The Senate considers funding for the National Aeronautics and Space
Administration in the Commerce,
Justice and Science Subcommittee of the Senate
Appropriations Committee. Chaired by Senator Mikulski
(D-MD), other members include Senators Inouye
(D-HI), Leahy (D-VT), Kohl
(D-IA), Dorgan (D-ND),
Feinstein (D-CA), Reed
(D-RI), Lautenberg (D-NJ),
Shelby (R-AL), Gregg
(R-NH), Stevens (R-AK),
Domenici (R-NM), McConnell
(R-KY), Hutchison (R-TX),
Brownback (R-KS), and Alexander
Emergency Supplemental Includes Science Funding
With a vote of 96-2 by the Senate on June 26th the emergency supplemental bill (H.R. 2642) was passed by Congress and now heads to the White House for the President’s signature. Although the majority of the $165 billion bill is geared toward funding the wars in Iraq and Afghanistan in fiscal years 2008 and 2009, four science agencies, the National Aeronautics and Space Administration (NASA), the National Institutes of Health (NIH), the National Science Foundation, and the Office of Science within the Department of Energy, (DOE Science) would receive much needed boosts to their FY 2008 funding levels.
NASA, NSF and DOE Science would receive an additional $62.5 million for FY 2008, while NIH would receive an additional $150 million in funding. The supplemental funding for NSF was targeted to specific accounts while the other agencies received overall budget increases. Within NSF, $22.5 million would be allocated to the Research and Related Activities account with $5 million of that funding available solely for the Experimental Program to Stimulate Competitive Research (EPSCoR), and $40 million would be allocated to the Education and Human Resources Directorate, with $20 million of those funds going to the Robert Noyce scholarship program.
The omnibus for fiscal year 2008 included significant cuts to science and engineering compared to the House and Senate approved bills. The competitiveness initiatives of legislators and the Administration were unable to compete with other fiscal priorities and perhaps some partisanship at the end. Although President Bush has allowed past Republican-led congresses to send him budgets that were significantly over the Administration's total spending limit requests, this year he demanded that legislators meet his spending limits and would not compromise on any details. Congress attempted and failed to override the President's veto of a mini-omnibus and then spent a few days rapidly cutting the extra spending of about $22 billion across 11 appropriation bills.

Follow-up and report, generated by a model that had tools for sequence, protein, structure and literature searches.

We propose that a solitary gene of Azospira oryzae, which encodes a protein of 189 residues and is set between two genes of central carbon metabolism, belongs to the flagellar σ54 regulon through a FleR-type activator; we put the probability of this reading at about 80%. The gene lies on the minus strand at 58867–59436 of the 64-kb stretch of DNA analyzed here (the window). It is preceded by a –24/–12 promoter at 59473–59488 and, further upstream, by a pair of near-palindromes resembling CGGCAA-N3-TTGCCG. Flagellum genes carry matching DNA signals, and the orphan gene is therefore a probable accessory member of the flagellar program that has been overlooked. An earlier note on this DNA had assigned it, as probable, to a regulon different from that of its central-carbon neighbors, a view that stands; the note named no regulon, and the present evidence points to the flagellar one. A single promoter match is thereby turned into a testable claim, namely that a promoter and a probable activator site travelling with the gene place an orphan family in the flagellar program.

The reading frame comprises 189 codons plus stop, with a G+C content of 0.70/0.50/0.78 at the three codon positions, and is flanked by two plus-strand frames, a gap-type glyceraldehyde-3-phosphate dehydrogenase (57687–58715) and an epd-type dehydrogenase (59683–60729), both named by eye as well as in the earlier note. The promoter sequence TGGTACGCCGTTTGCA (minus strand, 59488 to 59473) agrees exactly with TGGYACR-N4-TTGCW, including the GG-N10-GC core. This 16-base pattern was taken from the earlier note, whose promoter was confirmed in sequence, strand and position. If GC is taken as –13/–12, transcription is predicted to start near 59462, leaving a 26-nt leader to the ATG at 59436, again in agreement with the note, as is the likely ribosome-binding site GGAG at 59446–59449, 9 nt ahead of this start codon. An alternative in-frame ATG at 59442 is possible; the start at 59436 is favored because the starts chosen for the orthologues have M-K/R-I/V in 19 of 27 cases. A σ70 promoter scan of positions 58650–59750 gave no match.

The outcome is a squeeze on funding of geosciences research across the federal agencies. The National Science Foundation, one of the largest sources of basic geosciences research, will receive a disappointing 2.5 percent increase in total funding after being slated for a 10 percent increase in House and Senate proposals. The Geosciences Directorate will have to cut research support because less funding will be available overall, the Directorate faces significant rising costs for operation, maintenance and infrastructure and any small increases distributed to the Directorate will not keep pace with the cost of inflation, meaning a decrease in funding in real dollars.
The Department of Energy's Office of Science, where additional basic geosciences research is funded also received a last minute reduction of about $500 million compared to funding levels in the House and Senate proposals. Again the geosciences will see real cuts to basic research support, continuing a trend in the Office of Science of decreasing funding for geosciences.
On a more positive note, NASA's Earth science division, Department of Energy's Office of Fossil Energy and the U.S. Geological Survey will receive small, sustaining increases for geosciences research to keep a wide variety of programs and projects afloat. Over the longer term, these programs and projects will need real increases above the costs of inflation and basic operations and maintenance to ensure that these agencies meet their objectives.
The American Association for the Advancement of Science (AAAS) provides a useful summary of federal investments in research and development (R&D) on an annual basis. According to AAAS, total R&D would increase about 1.2 percent to $142.7 billion for fiscal year 2008 and would be the fourth straight year of decline in real terms in federal R&D. The omnibus bill contains $927 million in non-defense R&D earmarks in 2008, down from $1.5 billion in non-defense R&D earmarks in 2006. The Defense Department budget includes $77.8 billion for R&D and $3.5 billion is specified for earmarks.